Five Questions with Rick Hasselberg

Rick Hasselberg is a Senior Emergency Response Coordinator with the NRC’s Office of Nuclear Security and Incident Response.

  1. How would you briefly describe your role at the NRC?

5 questions_9with boxI manage the NRC’s Reactor Safety Team. If an emergency occurs at a nuclear power plant, my team is responsible for assessing nuclear facility conditions, predicting future conditions, and recommending actions the NRC might take to help protect public health and safety. I am responsible for recruiting, training, and continuously challenging the expertise and response readiness of one of the most respected emergency response organizations in the world.  What could be better than that?

  1. What is your foremost responsibility at work?

I think about emergencies. While 99 percent of the people working at the NRC are working hard to ensure that appropriate safety measures are in place, I work under the assumption that any of those safety measures could possible fail and that it’s time to get busy.  (The more I think about the things that might happen, the less surprised I will be if they do.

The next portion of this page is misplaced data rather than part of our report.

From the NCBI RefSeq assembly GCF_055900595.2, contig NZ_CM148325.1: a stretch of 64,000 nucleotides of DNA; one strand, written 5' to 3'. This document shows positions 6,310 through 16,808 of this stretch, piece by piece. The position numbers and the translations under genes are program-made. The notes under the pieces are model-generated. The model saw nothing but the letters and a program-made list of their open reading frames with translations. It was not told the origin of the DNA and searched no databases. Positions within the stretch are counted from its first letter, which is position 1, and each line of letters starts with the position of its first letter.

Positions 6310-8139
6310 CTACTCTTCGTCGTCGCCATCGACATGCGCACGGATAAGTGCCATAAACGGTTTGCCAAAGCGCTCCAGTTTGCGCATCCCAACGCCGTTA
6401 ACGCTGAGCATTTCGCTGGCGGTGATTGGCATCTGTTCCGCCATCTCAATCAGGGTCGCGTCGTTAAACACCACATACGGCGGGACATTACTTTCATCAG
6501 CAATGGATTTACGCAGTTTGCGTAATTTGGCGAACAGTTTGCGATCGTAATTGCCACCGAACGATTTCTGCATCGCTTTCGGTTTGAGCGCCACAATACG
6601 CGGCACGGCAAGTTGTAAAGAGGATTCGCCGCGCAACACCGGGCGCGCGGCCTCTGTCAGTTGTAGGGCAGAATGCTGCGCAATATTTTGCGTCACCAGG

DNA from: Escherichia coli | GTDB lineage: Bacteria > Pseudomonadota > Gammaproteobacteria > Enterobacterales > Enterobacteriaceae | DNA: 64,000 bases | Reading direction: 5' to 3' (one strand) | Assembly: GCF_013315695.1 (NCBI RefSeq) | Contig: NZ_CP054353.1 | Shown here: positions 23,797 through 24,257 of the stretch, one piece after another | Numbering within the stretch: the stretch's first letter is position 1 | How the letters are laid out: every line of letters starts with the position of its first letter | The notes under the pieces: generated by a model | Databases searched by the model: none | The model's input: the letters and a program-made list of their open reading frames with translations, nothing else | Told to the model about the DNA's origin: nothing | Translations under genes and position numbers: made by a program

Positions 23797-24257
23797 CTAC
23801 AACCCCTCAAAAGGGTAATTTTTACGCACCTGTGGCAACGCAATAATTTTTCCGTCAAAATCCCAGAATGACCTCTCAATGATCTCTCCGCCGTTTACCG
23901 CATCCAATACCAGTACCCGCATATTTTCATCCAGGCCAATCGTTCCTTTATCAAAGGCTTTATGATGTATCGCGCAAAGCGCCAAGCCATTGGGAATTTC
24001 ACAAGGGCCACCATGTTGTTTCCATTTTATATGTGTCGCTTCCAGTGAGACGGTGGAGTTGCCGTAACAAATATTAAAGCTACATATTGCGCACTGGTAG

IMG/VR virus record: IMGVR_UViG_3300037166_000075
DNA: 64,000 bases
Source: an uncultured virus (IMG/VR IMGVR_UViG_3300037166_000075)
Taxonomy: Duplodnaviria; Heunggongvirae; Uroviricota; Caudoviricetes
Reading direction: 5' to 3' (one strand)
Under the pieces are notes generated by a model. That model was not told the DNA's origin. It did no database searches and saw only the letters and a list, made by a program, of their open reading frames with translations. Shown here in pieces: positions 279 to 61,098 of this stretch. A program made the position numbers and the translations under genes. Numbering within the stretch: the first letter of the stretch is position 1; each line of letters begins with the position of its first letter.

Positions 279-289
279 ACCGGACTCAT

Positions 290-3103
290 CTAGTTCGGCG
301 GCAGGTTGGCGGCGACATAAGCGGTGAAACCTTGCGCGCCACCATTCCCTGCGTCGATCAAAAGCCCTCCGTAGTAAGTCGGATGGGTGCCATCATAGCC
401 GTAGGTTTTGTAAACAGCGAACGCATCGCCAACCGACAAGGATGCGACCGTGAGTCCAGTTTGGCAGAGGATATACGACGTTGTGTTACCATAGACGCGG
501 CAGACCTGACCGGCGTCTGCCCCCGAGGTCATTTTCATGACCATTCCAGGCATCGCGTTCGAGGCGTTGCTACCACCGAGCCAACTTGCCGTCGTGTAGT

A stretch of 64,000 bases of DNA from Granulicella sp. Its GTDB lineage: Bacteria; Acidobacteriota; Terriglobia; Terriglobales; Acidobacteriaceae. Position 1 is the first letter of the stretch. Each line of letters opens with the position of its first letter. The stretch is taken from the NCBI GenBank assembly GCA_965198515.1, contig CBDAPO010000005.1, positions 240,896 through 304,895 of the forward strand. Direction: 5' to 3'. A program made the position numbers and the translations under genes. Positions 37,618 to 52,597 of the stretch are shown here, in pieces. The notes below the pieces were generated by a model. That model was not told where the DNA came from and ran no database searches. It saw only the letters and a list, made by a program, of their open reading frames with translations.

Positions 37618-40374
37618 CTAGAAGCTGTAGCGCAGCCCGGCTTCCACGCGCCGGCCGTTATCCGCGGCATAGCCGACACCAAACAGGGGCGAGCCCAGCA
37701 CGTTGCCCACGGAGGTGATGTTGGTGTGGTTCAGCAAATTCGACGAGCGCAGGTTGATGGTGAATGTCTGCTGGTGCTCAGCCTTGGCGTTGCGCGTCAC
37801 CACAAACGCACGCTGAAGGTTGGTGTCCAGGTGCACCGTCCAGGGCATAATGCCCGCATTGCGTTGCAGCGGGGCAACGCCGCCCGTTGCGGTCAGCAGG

1. What is your most significant challenge in the workplace?

rickh_fixedI struggle with competing demand for the agency’s best and brightest employees.  I must ensure that NRC will able to maintain a pool of experienced, qualified response team members who can be pulled away from their regular duties to train, exercise and, if ever needed, to respond to an actual emergency event.

  1. What do you consider one of your most notable accomplishments at the NRC?

I joined the NRC in late 1979, in the months following the Three Mile Island Accident. During that period, the NRC was under considerable pressure to improve both its internal training programs and its external public information (outreach) programs. I contributed significantly to both programs, introducing multimedia production techniques (film, video, and 35mm slides) for improving internal technical training, and I created and presented a highly acclaimed, day-long Nuclear Power and Radiation seminar that NRC presented to news media representatives throughout the United States. I was credited with helping to re-establish NRC credibility with the news media.

  1. What is one quality of the NRC that more people should know?

This agency has a lot of very smart, very talented people who really care about their role in serving the nation. I’m very proud to serve with them.

Five Questions is an occasional series in which we pose the same questions to different NRC staff members.

 

 

TMI – March 28, 1979

tmiThe Three Mile Island Unit 2 reactor, near Middletown, Pa., partially melted down on March 28, 1979. It was the most serious accident in U.S. commercial nuclear power plant operating history. Its aftermath brought about sweeping changes involving emergency response planning, reactor operator training, human factors engineering, radiation protection, and many other areas of nuclear power plant operations.